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Kimon

Possibly macrolepiota?

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Hi all (again) and greetings from Greece! Found these in about 1000m altitude, in a forest of pine and fir. They look like macrolepiota procera to me.  The last one was found at about the same conditions - same mountain but different location though. Possibly Calocera (viscosa) or Ramaria? And what is this white thing? Moisture maybe... anyway, thats it! Over here rain is heavy today. Wish me luck! I m looking for Lactarius... 

 

 

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The mushrooms with whitish caps and scales on the caps each look like Macrolepiota procera (in Europe the true M. procera is found; here in NA we have a few alternative species but not the actual M. procera). However, the one seen in the fourth photo down possibly represents a species of Chlorophyllum. The species Chlorophyllum molybdites in known to make at least some people sick (if eaten). This species has a green spore print, whereas M. procera and the species of Chlorophyllum other than C. molybdites have white spore prints. To me the mushroom in photo #4 looks more like Macrolepiota than Chlorophyllum, but I can't be certain from just the photo.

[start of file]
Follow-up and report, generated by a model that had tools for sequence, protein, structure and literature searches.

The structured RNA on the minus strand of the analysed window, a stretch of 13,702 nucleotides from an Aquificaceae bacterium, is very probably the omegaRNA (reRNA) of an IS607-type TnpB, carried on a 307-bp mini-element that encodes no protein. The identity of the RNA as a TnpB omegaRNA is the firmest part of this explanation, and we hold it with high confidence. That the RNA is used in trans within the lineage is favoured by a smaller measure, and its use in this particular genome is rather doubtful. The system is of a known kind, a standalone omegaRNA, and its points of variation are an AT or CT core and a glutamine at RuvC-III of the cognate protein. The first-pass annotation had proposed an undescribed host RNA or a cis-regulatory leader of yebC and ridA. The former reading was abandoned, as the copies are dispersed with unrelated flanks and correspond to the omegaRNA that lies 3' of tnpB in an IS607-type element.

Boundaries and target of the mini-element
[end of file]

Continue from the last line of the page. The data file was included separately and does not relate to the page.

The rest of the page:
The yellow coral... maybe Clavulinopsis corniculata? I don't know of another species of yellow coral with more-or-less straight branches that have some (not many) forks. The white stuff stuck to the coral looks like a spider web or some other non-fungal substance. 

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Kimon - The white substance on the coral looks like it could be the frothy foam produced as protection by nymphs of a species of "spittlebugs" in superfamily Cercopoidea: https://nature.mdc.mo.gov/discover-nature/field-guide/spittlebugs-and-froghoppers which includes spittlebugs and froghoppers. I've never seen them on fungus, but they suck juices from plants (usually non-woody plants like grasses, milkweed, legumes, etc.) and healthy mushrooms are loaded with juicy moisture. If you were to brush away the spit-like substance you may find a small green nymph hiding in the bubbles.

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